State v. Godfrey, 263 N.C. App. 264 (2018)

No Error
  • Facts: Defendant appeals his conviction of a first-degree sex offense with a child, arguing the trial court erred in admitting evidence of prior bad acts. The conviction is based on an incident that occurred in May 2004, when the victim was 12 years old, although she did not report the crime until 2016. In the “May 2004” incident for which Defendant was charged, the victim testified that when she was staying at the defendant’s home, he pulled her into the laundry room, removed her pants and underwear, and digitally penetrated her vagina with his middle finger until she freaked out and ran away. The victim testified to two other incidents that Defendant was not charged with: (1) the “bed incident,” which occurred a month or two before the May 2004 incident when the victim was staying at Defendant’s home, and where Defendant crawled into bed with the victim and digitally penetrated her vagina with his middle finger until she freaked out and ran away, and (2) the “Lick Mountain” incident, when the victim was staying at Defendant’s place two or three years before the May 2004 incident, and where Defendant while wrestling with victim, carried her to his bed and digitally penetrated her vagina with his middle finger. The trial court permitted the testimony of prior acts for the purpose of showing a “common plan or scheme” to digitally penetrate the victim under Rule of Evidence 404(b) and determining the testimony was more probative than prejudicial under Rule 403.
  • The standard of review of a trial court’s Rule 403 determination is an abuse of discretion. The appellate court reviews de novo the legal conclusion that evidence is/is not covered by Rule 404(b).
  • Rule 404 limits the introduction of character evidence  but allows evidence of other crimes, wrongs, or acts to show a person acted in conformity therewith when the evidence is relevant to a fact or issue and is not for the purpose of showing defendant has the propensity to commit an offense of the nature of the crime charge. Evidence of a similar sex offense involving the same victim as the victim of the crime for which defendant is on trial is often viewed as showing Defendant’s “common scheme or plan” to sexually abuse the victim. The evidence may be excluded under Rule 403 when its probative value is outweighed by unfair prejudice. “When prior incidents are offered for a proper purpose, the ultimate test of admissibility is whether they are sufficiently similar and not so remote as to run afoul of the balancing test between probative value and prejudicial effect set out in Rule 403.” Sl. Op. at 10 (citation omitted). Here, the three incidents involved the same type of sexual act involving penetration, however, slight, by an object (the defendant’s middle finger) into a genital opening of a person’s body (the victim’s vagina). Additionally, all three incidents occurred while the victim was staying with the Defendant. Each incident involved the same victim, same mode of penetration, and same circumstance and were sufficiently similar to show a common scheme or plan by Defendant to digitally penetrate the victim while she was under his control. Although the Lick Mountain incident was two or three years earlier, the time period does not inherently render the evidence of this prior act so remote as to eliminate its probative value given its striking similarity to the other incidents. There was no abuse of discretion in admitting the testimony regarding both prior acts.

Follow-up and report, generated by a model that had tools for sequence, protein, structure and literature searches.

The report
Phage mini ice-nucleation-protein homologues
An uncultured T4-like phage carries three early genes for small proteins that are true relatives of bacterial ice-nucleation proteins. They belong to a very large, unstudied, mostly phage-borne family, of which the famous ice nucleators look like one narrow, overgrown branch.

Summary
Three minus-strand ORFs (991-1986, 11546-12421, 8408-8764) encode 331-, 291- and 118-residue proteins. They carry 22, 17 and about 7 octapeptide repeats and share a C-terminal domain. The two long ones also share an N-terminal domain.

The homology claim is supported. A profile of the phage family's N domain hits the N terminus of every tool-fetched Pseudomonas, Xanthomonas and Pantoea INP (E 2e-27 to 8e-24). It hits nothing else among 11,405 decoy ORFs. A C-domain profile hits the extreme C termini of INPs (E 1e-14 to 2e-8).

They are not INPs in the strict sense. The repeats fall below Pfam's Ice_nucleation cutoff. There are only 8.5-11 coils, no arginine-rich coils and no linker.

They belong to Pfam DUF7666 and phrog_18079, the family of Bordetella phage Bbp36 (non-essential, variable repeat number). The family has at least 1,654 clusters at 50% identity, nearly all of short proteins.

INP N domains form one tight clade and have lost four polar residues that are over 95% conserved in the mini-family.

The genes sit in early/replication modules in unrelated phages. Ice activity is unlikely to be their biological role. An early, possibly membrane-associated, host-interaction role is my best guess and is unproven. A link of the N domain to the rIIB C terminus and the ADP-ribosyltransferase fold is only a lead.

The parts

Criminal Cases with Application to Child Welfare
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